When Ivo goes back with the urn, the urn;
Studds, Steel, Read and Tylecote return, return;
The welkin will ring loud,
The great crowd will feel proud,
Seeing Barlow and Bates with the urn, the urn;
And the rest coming home with the urn.
Any clue what does it mean? read on to find out..
1. The beginningEnglish loved cricket, when they ruled the world, in years gone by. They found a rival in their own people down under - now known as Aussies and started playing friendly matches.
That was the start of International test cricket as well. The year was 1877. But somewhere in between, British missed the idea that if these cricket matches continued, someday they might lose as well.
That's what happened at the Oval on 29th August 1882 - the 9th test match between the two countries. Although it was just a 4 balls per over 2 day match, England team fell short by 7 runs and being the only test of the series - Australia not only won the match but the series as well.
"In affectionate remembrance of English cricket which died at The Oval, 29th August, 1882. Deeply lamented by a large circle of sorrowing friends and acquaintances. The body will be cremated and the Ashes taken to Australia" - wrote a London journalist, Reginald Shirley Brooks in a mock obituary (which means death notice). It was published by Sporting Times next day.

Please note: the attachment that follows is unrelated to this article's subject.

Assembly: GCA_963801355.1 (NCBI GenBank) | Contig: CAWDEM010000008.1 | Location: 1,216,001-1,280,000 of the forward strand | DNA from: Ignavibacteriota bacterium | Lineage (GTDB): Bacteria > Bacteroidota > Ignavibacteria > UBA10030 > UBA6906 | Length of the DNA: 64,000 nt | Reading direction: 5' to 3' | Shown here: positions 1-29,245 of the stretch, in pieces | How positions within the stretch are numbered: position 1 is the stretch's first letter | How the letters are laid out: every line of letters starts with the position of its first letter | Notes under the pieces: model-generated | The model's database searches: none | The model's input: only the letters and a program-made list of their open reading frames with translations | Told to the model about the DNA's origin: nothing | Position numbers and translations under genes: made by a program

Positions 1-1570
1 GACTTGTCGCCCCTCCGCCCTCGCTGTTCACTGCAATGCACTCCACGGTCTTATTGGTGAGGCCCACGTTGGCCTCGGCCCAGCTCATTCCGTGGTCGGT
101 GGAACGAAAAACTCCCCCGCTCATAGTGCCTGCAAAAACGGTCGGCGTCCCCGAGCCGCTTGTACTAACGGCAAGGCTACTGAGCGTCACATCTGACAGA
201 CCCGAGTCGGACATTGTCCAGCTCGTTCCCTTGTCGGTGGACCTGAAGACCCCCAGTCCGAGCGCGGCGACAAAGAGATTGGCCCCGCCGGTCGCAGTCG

From that day onwards, these two countries play a test match series every 2 years. Whoever wins the series, wins the Ashes. If series is draw, Ashes remains with previous winner.
2. So what do we mean by "Ashes"It's basically an urn (a vase of varying size and shape, usually having a footed base or pedestal) and can be seen in the cricket museum at Lord's. A red and a gold velvet bag - which were made specially for that urn and the scorecard of that 1882 test match reside along with it.
It's not known what that Ashes urn contains. Some say it has the ashes of the "bail" used in the 3rd test match when English team traveled to Australia to regain ashes after that Oval test loss. Some say it's burned ball... make your own guess..
3. Victory after follow-onWell over two thousand test matches so far, only three have seen teams coming back and winning after being asked to follow-on (all three lost by Australia). Twice it has been done by English team in Ashes series - at Sydney in 1894 and then at Leeds in 1981. (3rd instance has Indians winning at Kolkata in 2001).
In Australia = 175 = Australia 91, England 57, Draws 27.
In England = 161 = England 48, Australia 47, Draws 66.
Australia's 729/6d at Lord's is the second best team score in Ashes thus far.
Aussies also own next two lowest totals at 42/10 and 44/10 before we reached England's worst at 45 all out at Sydney back in January 1887.
England's best partnership is 382 between Len Hutton & Maurice Leyland.
most centuries in Ashes = 19. Most runs by one Englishman is by Jack Hobbs for his 3636 compilation in 41 Ashes test matches.
11. Most wickets in Ashes seriesShane Warne is stranger to no cricket fan, specially not for England fans as he is the highest wicket taker in Ashes series = 172 wickets from 31 Ashes matches at an average of 22.30.
I know history is not always interesting, but I hope this piece was different.